NEW YORK — A top Apple executive described as Steve Jobs’ right-hand man took the witness stand at a price-fixing trial and denied scheming with major book publishers to drive up the cost of electronic books.
Eddy Cue was questioned about meetings he had in 2009 with chief executives of publishing houses about what they called their “Amazon problem” — the discounted $9.99 price the Seattle company set for e-books on its Kindle.
“They expressed to us that they wanted higher prices,” he said under questioning by a government lawyer.
Cue was the chief negotiator in deals with the publishers that allowed them to set prices as high as $14.99 for sales in Apple’s then-new iBookstore. But he denied that the deals were calculated to force Amazon into similar agreements that would raise its prices, too.
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Jobs closely monitored the negotiations but was “indifferent” about the outcome for Amazon, Cue testified. However, when asked if Jobs knew that there was a chance that once the iBookstore launched, publishers would withhold best-sellers and new releases from Amazon if it didn’t adjust its prices, he responded, “I believe so, sure. Smart guy.”
Cue also claimed he had no knowledge the publishers were colluding with each other as he negotiated with them, despite phone records showing their chief executives were in constant communication.
“I don’t believe they were working together to do the deal I was working on,” Cue said.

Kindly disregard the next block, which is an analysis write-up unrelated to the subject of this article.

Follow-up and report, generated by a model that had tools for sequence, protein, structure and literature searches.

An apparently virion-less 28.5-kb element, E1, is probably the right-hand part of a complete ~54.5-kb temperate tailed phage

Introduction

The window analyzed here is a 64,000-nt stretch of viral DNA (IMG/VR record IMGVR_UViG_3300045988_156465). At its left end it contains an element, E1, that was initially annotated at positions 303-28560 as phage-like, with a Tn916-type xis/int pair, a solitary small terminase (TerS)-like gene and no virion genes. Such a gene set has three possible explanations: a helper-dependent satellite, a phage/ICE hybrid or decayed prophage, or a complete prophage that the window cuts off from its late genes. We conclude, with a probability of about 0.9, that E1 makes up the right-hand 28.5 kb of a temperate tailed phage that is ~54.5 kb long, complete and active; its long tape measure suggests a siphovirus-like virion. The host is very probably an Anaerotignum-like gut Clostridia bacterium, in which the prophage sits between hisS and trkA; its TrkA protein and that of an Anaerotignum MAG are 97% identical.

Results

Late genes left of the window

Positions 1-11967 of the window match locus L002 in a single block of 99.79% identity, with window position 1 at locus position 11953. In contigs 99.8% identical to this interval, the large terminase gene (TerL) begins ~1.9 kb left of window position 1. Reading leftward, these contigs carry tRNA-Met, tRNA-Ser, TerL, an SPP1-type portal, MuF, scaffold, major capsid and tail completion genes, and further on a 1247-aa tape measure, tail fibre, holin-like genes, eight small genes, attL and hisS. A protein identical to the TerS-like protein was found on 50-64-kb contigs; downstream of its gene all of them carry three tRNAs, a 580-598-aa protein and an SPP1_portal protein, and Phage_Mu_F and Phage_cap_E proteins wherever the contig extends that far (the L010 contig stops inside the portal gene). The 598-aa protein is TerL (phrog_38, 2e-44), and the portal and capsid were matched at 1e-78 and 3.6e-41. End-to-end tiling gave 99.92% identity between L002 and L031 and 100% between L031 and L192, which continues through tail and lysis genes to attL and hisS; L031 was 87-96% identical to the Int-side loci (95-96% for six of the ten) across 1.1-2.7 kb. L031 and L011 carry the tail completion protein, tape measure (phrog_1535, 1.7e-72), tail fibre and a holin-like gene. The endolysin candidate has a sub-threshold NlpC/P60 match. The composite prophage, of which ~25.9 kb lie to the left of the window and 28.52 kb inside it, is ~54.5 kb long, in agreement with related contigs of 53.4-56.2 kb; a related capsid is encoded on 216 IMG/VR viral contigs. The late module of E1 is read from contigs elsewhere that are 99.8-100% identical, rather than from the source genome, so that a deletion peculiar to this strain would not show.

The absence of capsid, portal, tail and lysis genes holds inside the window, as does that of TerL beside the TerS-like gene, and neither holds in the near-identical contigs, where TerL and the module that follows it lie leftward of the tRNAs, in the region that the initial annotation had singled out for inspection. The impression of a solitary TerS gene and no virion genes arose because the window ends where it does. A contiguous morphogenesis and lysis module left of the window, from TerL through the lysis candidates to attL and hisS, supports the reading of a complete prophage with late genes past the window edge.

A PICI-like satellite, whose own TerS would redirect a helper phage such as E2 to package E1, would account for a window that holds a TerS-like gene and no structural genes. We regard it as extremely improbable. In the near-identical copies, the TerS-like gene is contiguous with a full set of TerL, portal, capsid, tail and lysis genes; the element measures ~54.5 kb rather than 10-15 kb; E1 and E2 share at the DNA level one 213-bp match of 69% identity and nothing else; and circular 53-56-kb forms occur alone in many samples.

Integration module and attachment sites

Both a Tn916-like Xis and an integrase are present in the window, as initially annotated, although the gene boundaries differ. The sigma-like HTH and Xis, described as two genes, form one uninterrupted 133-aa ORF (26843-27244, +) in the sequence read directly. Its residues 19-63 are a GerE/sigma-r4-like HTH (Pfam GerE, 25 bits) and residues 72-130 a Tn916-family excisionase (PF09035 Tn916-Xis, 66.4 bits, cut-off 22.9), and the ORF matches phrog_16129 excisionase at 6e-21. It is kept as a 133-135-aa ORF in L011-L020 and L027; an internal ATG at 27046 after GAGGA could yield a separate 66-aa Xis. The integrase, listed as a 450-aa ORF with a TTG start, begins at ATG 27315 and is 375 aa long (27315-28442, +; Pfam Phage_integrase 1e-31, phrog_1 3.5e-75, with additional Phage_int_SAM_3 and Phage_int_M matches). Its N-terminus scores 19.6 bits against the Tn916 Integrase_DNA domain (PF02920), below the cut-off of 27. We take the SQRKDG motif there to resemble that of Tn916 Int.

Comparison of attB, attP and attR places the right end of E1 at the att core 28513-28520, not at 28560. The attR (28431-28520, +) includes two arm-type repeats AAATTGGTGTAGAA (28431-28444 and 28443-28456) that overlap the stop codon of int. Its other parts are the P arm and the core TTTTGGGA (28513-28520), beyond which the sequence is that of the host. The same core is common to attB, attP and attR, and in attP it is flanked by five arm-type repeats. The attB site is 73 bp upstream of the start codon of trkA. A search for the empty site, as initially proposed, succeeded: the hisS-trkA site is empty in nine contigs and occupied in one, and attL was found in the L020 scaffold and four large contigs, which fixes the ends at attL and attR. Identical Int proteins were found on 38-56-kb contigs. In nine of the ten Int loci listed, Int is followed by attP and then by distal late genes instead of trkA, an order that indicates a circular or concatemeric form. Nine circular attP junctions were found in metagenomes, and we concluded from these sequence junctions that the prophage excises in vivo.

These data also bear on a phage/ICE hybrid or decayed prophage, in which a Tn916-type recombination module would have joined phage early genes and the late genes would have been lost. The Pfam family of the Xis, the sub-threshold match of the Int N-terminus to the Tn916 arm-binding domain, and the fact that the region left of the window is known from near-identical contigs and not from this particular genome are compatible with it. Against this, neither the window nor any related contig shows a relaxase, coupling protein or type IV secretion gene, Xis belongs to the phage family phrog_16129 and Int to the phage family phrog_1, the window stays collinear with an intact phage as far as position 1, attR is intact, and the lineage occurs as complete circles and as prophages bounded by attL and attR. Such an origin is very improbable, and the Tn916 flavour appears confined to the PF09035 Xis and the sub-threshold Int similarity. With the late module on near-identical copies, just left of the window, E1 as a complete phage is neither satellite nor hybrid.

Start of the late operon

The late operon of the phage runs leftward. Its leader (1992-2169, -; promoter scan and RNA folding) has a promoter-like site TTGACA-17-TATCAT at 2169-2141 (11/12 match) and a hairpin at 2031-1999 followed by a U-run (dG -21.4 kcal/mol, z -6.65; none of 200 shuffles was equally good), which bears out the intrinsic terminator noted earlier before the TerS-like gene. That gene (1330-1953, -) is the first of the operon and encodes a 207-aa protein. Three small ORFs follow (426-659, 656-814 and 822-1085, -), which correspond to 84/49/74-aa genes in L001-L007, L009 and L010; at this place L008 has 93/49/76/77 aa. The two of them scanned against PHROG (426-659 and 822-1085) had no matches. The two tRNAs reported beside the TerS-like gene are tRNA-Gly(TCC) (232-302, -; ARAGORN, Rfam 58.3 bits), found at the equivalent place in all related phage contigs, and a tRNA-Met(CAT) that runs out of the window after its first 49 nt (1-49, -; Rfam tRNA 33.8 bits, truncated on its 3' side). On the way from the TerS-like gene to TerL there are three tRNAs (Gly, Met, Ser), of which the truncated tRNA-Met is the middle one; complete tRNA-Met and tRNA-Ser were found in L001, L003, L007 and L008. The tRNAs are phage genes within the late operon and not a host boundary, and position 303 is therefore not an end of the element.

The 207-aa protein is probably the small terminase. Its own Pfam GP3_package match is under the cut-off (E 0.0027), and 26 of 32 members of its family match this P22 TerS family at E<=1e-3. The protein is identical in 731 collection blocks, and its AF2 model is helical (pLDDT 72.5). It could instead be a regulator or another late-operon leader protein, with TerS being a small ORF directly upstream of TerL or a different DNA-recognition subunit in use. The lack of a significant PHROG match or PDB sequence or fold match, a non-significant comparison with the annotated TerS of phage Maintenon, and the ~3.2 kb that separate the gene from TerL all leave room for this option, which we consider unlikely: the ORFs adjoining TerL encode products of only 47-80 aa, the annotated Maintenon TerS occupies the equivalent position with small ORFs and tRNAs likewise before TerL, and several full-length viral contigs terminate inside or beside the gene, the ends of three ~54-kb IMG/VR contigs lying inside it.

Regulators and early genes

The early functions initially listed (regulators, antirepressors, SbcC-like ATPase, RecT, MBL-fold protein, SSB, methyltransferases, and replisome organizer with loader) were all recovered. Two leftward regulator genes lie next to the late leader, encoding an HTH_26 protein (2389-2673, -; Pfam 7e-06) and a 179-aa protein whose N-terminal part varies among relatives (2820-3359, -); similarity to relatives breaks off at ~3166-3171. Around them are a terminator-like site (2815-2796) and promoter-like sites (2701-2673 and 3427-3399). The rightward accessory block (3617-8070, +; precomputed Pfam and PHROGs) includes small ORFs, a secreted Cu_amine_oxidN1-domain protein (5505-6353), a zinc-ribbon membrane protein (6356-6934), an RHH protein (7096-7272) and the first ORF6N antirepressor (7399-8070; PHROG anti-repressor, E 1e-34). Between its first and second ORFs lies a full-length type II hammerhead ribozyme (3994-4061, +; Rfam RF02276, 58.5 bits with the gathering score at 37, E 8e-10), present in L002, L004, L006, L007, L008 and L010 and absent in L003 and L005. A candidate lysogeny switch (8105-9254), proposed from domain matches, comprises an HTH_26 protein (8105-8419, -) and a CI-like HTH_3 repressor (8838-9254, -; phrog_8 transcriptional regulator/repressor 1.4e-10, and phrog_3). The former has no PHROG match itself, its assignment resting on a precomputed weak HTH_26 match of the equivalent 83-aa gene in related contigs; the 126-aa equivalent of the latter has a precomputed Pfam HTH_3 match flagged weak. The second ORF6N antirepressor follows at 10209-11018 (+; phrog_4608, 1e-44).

Cue, a senior vice president of Internet and Software Services at Apple, oversees the iTunes Store, App Store, iBookstore and iCloud services.
He testified at a trial stemming from an antitrust lawsuit brought last year by the Justice Department accusing Apple and the publishers of harming consumers by devising a plan that allowed publishers to convert retailers into “agents” who were restricted from lowering the publisher-set retail price.
The arrangement guaranteed Apple a 30 percent commission on each e-book.
The five publishers — Hachette, HarperCollins, Simon & Schuster, Macmillan and Penguin — settled with the government before the nonjury trial. Apple chose to go to trial, denying claims that its agreements required publishers to force Amazon to charge more for e-books.
Lawyers for Apple have accused the government of basing its case “on mere allegations, faulty assumptions and unfounded conclusions.”
Evidence in the case includes emails written by Jobs before he died in 2011. At the time, Jobs was losing his battle with cancer — which made Cue push even harder to get the publisher deals done so the Apple founder could demonstrate the iPad’s book capabilities on stage at the January 2010 launch of the device.